There Won’t Always be Candles in the Fireplace

“For I know the plans I have for you,” declares the Lord, “plans to prosper you and not to harm you, plans to give you hope and a future.”
Jeremiah 29:11 (NIV)

By Alli Bauck

When my husband and I were newly married, we shared many aspirations for our first house. We spent hours watching home improvement shows and even sketching out blueprints. To have our plans become reality would be a dream come true!

In almost every house makeover episode we watched, the designers would give life to an outdated, grimy fireplace: cleaning it up and making it the focal point of the house, the heart of the home. In our dreams for our house, the fireplace held a special place in my heart. Our 30-year-old house didn’t have a functioning fireplace. I was envious of friends and family who had the “luxury” on cold, dreary days to light a fire and enjoy its warming glow.

As a young couple with little savings and a big list of projects, we had to get creative. At least a dozen pillar candles survived our wedding reception, and those leftovers seeded our temporary renovation project. Using a wrought iron stand, we arranged seven candles inside the fireplace. When lit, those ivory pillars hardly put off any heat, but their glow did provide a comforting ambience—a special touch—to the atmosphere of the room.

Our wedding reception was almost 10 years ago now. Leftover candles still adorn the fireplace. Our list of family needs outweighs the dream home projects. When the money has been available, the timing hasn’t been right. And when the timing is good, the money isn’t there. Add to the equation two time-consuming little additions to our lives, on a single income—and a pandemic that created inflated prices—and the dream seems in danger of being extinguished.

Some days this house feels like a metaphor for the world. There are good things that happen in it; and there are also bad things. There are happy times and memories made here; but there are also disappointments and sad times, too. Ultimately, this house—and this fallen world—give us only a fleeting glimpse of our true Home.

When the Word incarnate spoke the universe into existence, He knew perfection was temporary. When Adam and Eve were formed in the Garden, God already knew their paradise would not last. When Jesus came in the flesh to dwell among us, He knew He was not yet moving in for good. When we crucified Him, Jesus knew the tomb would not be His final resting place. When Jesus ascended into heaven, He knew this separation would not be permanent, but would one day be replaced with a new and eternal Home, where God promises to make all things new.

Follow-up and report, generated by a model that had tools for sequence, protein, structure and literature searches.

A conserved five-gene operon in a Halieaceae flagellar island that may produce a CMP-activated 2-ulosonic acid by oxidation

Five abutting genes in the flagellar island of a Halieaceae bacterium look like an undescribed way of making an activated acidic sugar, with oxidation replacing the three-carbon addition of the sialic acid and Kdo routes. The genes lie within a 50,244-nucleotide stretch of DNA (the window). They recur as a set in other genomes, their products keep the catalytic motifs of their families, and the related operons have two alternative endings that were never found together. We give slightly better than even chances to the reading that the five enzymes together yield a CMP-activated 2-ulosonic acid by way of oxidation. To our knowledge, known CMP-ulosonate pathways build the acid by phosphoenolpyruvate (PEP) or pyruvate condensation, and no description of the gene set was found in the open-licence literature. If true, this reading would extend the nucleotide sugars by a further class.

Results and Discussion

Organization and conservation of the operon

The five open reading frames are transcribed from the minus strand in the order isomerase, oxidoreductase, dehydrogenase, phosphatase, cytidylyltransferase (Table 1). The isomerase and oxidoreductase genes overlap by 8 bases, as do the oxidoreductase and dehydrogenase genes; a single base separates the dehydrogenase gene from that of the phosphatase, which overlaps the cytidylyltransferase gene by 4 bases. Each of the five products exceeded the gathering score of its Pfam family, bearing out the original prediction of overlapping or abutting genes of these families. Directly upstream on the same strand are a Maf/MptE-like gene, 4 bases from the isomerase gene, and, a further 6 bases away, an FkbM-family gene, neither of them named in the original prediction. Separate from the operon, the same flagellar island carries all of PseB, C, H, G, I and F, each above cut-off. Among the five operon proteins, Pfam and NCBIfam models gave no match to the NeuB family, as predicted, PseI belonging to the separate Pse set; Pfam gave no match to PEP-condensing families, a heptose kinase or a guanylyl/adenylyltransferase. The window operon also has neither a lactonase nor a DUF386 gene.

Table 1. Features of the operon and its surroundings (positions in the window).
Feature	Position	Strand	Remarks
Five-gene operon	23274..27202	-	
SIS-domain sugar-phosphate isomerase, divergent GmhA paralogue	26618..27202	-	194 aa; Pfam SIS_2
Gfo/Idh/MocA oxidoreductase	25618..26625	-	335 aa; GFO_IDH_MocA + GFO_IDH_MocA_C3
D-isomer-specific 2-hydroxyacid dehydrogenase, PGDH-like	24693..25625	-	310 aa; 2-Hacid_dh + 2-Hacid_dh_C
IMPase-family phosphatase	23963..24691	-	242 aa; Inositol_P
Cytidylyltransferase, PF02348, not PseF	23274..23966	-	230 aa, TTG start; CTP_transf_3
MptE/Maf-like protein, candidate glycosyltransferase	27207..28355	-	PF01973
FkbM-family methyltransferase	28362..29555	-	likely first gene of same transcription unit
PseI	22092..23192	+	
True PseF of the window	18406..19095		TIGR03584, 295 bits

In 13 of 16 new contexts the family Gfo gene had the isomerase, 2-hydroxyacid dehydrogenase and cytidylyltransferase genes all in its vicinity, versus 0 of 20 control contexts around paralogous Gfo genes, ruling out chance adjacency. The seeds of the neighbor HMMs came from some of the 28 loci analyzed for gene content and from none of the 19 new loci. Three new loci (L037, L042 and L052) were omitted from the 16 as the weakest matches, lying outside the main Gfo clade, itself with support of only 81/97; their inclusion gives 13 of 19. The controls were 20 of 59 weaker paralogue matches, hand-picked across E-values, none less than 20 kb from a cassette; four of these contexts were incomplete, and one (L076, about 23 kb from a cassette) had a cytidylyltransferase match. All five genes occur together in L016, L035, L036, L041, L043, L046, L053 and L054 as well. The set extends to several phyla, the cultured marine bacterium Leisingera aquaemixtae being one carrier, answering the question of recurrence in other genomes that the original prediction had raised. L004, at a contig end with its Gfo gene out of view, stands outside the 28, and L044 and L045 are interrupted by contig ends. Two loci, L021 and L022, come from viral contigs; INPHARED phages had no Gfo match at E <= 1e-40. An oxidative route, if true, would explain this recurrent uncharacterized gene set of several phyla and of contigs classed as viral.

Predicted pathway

That New Creation is God’s final Renovation Project. In that Paradise renewed we will finally be at Home.

Even when your present and your future is uncertain, take heart: there won’t always be candles in the fireplace. For now, their flickering flames cast a reminder of hope. Someday soon Christ will return to complete what He began. Jesus Himself will draw us out of our dark and sinful days and into His glorious resurrection light.

Will the presence of Jesus feel like the familiar embrace of a loved one, wrapping us in the warm glow of His unconditional love? Will the New Creation remind us at all of our temporary housing while we waited and longed for His coming? What will it be like to know fully, even as we are fully known?

Only one thing is certain: Jesus has chosen a world fallen into disrepair, purchased it with His blood, and lovingly drawn up the blueprints of your future with Him. And His plans always come true.

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